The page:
These previous electrical couplings have several significant disadvantages. The quality of the contact between the brushes and the conductive rings can vary as the drum turns. This can introduce noise into electrical control signals being transmitted through the coupling. Electrical noise can also be introduced if the brushes move when the electrical coupling is subjected to mechanical impact. Electrical noise can prevent control signals from being reliably transmitted through the coupling. These problems can become worse over time. Dust is created as the brushes and conductive rings wear. The dust can interfere with contact between the brushes and the conductive rings and can also cause short circuits between adjacent conductive rings. If the electrical coupling is not extremely well sealed then dust and/or moisture may enter the coupling and make its operation even more unreliable.
These problems are especially severe in heavy equipment which is exposed to frequent mechanical shock and may be operated in very dusty or wet environments.
German patent application No. 4,414,950 discloses a rotary coupling which allows a fluid and electrical signals to be transmitted through the coupling. The coupling is designed primarily for use in painting equipment. The electrical portion of the coupling is sealed from the fluid carrying portion of the coupling.
This invention provides an electrical coupling between first and second members. The coupling comprises a conductive elastomer material compressed between a conductive pad on a surface of the first member and a conductive pad on a surface of the second member.
One embodiment of the invention provides a rotary electrical coupling. The coupling comprises: a housing; a rotatable member mounted within a chamber in the housing for rotation relative to the housing about an axis; an electrically conductive ring centered on the axis on an inner surface of the chamber; an electrically conductive member comprising a resilient elastomer material compressed between the member and an inner surface of the ring; a first electrical conductor on the housing and in electrical contact with the ring; and a second electrical conductor on the rotatable member and in electrical contact with the electrically conductive member.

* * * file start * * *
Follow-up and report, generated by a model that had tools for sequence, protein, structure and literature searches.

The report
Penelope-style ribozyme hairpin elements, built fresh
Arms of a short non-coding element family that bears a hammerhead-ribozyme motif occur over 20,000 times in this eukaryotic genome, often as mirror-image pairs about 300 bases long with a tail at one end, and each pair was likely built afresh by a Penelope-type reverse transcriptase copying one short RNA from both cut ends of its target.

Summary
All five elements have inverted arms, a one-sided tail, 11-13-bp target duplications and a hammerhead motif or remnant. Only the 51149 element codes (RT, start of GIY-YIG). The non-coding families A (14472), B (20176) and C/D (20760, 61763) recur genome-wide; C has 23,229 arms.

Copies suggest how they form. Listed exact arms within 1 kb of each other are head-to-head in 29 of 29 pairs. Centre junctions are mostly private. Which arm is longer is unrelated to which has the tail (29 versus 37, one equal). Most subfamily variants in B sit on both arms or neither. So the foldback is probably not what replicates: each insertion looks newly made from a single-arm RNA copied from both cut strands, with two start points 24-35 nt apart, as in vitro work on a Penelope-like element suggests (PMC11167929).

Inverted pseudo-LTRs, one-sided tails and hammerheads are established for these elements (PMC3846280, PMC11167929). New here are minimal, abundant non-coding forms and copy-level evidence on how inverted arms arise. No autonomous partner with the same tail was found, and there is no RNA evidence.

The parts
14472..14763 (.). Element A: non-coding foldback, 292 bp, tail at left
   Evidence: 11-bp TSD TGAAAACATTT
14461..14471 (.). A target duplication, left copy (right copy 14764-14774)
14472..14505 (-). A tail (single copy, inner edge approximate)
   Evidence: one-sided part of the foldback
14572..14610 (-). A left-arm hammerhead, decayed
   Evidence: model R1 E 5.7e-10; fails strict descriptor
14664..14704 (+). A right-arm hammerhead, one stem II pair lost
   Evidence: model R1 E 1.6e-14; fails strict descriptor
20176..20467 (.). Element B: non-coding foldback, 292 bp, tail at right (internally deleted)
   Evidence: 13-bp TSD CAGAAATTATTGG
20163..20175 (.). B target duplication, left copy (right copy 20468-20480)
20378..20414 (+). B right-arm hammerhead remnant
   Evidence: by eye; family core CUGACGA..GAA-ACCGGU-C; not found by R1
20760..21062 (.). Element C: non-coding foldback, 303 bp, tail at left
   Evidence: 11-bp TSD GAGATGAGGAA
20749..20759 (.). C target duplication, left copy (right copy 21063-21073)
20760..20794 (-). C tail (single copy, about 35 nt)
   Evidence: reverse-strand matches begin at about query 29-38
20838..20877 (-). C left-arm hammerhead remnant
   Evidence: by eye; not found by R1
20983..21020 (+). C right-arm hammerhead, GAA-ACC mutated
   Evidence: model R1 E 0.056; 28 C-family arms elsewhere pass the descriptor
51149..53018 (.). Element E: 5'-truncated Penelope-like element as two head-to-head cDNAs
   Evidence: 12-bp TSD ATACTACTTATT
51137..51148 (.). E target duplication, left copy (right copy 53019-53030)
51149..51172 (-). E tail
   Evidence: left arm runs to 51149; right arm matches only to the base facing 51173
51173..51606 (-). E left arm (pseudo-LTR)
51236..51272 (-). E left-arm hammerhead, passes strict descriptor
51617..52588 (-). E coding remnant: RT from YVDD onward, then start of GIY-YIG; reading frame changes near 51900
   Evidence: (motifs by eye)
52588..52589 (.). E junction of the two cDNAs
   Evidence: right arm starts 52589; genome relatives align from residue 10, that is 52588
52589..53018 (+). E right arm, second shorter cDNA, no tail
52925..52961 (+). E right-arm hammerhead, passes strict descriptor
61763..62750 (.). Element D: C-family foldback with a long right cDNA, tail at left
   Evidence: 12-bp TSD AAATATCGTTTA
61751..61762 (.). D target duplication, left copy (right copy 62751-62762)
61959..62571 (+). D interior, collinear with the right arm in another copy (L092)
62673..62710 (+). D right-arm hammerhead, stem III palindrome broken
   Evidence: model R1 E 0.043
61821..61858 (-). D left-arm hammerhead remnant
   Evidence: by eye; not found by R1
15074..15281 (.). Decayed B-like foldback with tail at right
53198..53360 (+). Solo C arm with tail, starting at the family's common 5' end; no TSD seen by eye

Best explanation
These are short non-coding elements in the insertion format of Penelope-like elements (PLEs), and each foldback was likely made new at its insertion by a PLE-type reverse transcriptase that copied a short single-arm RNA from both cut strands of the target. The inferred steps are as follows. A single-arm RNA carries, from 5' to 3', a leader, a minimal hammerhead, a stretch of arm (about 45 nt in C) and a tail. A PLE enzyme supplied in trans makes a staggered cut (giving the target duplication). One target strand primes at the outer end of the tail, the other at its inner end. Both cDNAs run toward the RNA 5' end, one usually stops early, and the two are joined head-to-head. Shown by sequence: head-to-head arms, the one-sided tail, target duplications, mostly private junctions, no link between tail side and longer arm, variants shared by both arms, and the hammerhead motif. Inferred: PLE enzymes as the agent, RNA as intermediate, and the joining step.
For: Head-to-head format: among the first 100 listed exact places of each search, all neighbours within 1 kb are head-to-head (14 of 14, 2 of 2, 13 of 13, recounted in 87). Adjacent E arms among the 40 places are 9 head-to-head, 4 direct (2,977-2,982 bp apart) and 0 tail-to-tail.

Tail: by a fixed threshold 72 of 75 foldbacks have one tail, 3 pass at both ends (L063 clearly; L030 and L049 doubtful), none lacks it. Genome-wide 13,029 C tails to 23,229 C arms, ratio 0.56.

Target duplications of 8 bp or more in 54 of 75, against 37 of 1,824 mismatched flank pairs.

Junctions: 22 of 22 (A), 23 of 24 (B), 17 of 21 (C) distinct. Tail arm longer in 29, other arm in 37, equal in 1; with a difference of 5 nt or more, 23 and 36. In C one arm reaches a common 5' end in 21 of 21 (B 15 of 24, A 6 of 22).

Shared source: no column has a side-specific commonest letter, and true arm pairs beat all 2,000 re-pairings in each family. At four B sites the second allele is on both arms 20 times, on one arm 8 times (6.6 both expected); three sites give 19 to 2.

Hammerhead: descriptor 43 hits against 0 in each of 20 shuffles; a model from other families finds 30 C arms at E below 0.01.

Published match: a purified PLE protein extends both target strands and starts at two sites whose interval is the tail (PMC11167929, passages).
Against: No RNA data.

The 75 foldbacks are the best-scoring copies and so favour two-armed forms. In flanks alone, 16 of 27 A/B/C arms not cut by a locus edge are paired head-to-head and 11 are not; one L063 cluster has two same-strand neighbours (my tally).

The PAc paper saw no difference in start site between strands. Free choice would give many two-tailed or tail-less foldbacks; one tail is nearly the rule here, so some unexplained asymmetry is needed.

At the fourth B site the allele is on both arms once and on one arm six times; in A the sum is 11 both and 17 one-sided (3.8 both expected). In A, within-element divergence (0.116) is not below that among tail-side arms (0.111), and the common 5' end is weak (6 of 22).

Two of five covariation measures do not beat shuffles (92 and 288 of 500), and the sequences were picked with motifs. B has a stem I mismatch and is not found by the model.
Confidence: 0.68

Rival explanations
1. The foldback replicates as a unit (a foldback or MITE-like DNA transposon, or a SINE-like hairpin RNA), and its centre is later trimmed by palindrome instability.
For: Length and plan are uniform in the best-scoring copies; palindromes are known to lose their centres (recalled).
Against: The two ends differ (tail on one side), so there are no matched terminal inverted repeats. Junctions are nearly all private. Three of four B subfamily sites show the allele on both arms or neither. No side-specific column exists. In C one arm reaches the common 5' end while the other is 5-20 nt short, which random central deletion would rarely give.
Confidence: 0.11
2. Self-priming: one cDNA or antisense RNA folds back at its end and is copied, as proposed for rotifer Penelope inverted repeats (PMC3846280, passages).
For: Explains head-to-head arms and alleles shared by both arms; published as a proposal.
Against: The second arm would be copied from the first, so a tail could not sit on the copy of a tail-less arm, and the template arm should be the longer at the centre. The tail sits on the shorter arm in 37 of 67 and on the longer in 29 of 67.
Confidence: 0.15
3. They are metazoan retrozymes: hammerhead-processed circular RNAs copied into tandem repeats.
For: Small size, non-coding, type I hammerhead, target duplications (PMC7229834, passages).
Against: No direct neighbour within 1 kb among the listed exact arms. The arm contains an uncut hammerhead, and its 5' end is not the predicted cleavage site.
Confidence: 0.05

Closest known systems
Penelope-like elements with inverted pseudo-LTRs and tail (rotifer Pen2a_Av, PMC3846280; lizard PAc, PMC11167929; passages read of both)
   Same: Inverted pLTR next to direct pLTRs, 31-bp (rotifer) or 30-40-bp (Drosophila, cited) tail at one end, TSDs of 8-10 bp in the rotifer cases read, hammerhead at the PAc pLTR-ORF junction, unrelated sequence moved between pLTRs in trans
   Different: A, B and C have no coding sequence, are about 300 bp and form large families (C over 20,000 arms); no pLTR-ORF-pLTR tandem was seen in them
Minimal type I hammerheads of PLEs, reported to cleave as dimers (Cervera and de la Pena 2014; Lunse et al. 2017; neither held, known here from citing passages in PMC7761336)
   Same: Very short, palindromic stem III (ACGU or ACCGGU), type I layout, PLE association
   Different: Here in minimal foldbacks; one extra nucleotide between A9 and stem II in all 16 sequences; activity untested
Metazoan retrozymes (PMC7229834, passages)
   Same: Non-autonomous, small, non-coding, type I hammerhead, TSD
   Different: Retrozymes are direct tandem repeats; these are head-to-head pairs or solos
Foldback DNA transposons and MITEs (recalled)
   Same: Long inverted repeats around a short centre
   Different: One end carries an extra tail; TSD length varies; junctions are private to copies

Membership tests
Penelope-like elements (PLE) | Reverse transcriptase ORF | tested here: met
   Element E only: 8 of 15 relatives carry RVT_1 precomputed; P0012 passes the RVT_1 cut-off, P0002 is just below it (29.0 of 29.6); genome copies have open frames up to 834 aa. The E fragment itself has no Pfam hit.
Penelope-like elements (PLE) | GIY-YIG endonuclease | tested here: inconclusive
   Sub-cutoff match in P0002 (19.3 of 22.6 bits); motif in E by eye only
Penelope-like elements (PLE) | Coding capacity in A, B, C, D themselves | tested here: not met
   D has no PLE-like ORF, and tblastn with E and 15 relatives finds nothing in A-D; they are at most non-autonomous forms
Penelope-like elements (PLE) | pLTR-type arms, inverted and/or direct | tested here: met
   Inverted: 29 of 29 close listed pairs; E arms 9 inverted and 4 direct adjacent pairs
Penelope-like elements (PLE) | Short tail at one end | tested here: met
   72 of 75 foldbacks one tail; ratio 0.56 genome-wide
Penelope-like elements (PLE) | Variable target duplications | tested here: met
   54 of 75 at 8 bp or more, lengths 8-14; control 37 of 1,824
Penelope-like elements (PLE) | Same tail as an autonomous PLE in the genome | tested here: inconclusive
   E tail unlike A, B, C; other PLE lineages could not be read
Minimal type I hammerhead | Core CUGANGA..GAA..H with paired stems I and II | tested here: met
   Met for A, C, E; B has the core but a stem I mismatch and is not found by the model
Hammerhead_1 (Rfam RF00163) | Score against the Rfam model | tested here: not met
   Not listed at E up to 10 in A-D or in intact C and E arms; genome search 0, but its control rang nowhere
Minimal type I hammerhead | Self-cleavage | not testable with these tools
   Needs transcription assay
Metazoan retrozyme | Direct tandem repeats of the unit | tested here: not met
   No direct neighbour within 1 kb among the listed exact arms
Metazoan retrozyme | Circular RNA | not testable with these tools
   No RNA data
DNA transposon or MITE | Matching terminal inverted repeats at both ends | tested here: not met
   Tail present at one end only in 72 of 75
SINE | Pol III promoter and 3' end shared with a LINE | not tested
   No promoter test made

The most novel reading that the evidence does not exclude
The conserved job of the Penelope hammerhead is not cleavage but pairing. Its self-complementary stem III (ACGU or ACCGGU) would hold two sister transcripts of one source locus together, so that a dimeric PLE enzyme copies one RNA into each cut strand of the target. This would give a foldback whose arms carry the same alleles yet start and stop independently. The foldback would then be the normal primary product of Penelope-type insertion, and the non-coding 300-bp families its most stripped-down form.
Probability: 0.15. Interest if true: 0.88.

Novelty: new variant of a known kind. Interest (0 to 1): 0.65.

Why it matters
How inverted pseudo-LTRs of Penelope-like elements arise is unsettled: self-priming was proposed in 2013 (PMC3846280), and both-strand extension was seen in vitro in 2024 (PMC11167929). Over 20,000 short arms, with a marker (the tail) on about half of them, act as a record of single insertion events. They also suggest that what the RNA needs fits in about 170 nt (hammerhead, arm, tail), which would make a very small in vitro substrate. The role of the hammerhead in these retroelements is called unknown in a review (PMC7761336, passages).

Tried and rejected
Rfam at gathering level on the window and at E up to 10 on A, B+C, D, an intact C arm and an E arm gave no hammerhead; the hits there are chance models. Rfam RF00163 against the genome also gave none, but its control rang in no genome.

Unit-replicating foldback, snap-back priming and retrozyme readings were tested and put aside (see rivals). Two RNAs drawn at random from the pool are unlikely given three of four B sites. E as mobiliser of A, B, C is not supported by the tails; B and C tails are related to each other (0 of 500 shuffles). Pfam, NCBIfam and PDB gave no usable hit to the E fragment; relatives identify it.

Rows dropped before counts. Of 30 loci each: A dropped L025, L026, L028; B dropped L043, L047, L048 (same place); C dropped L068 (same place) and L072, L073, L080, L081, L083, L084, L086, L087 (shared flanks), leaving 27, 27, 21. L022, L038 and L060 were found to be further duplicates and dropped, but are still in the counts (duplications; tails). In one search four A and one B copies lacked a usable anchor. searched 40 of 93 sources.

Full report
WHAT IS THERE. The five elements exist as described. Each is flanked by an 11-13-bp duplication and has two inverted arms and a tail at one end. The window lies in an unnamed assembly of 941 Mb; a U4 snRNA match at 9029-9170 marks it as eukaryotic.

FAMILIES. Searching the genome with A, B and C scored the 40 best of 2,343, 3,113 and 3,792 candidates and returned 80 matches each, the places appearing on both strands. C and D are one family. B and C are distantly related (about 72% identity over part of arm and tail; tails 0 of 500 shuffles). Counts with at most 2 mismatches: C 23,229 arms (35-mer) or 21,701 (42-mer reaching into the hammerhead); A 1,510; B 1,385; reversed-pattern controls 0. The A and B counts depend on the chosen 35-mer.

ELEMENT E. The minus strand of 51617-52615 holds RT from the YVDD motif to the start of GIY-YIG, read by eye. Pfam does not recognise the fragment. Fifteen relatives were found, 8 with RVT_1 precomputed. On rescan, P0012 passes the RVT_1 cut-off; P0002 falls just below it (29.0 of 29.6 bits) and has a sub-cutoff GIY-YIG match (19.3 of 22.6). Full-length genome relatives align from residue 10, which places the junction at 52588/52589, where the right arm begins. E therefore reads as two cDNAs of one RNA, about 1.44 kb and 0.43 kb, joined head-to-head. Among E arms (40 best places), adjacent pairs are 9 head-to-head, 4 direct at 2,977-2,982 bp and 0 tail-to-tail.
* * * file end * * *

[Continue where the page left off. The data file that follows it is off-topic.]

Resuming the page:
In a preferred embodiment of the invention the rotary electrical coupling is combined with a rotary fluid coupling. Preferably, the rotary fluid coupling comprises a fluid inlet containing a pressurized electrically insulating lubricating fluid and a fluid outlet containing the electrically insulating lubricating fluid at a reduced pressure. The electrical rotary coupling comprises a first passage extending between the fluid inlet and the chamber and a second passage extending between the chamber and the fluid outlet.
In drawings which illustrate specific embodiments of the invention, but which should not be construed as restricting the spirit or scope of the invention in any way: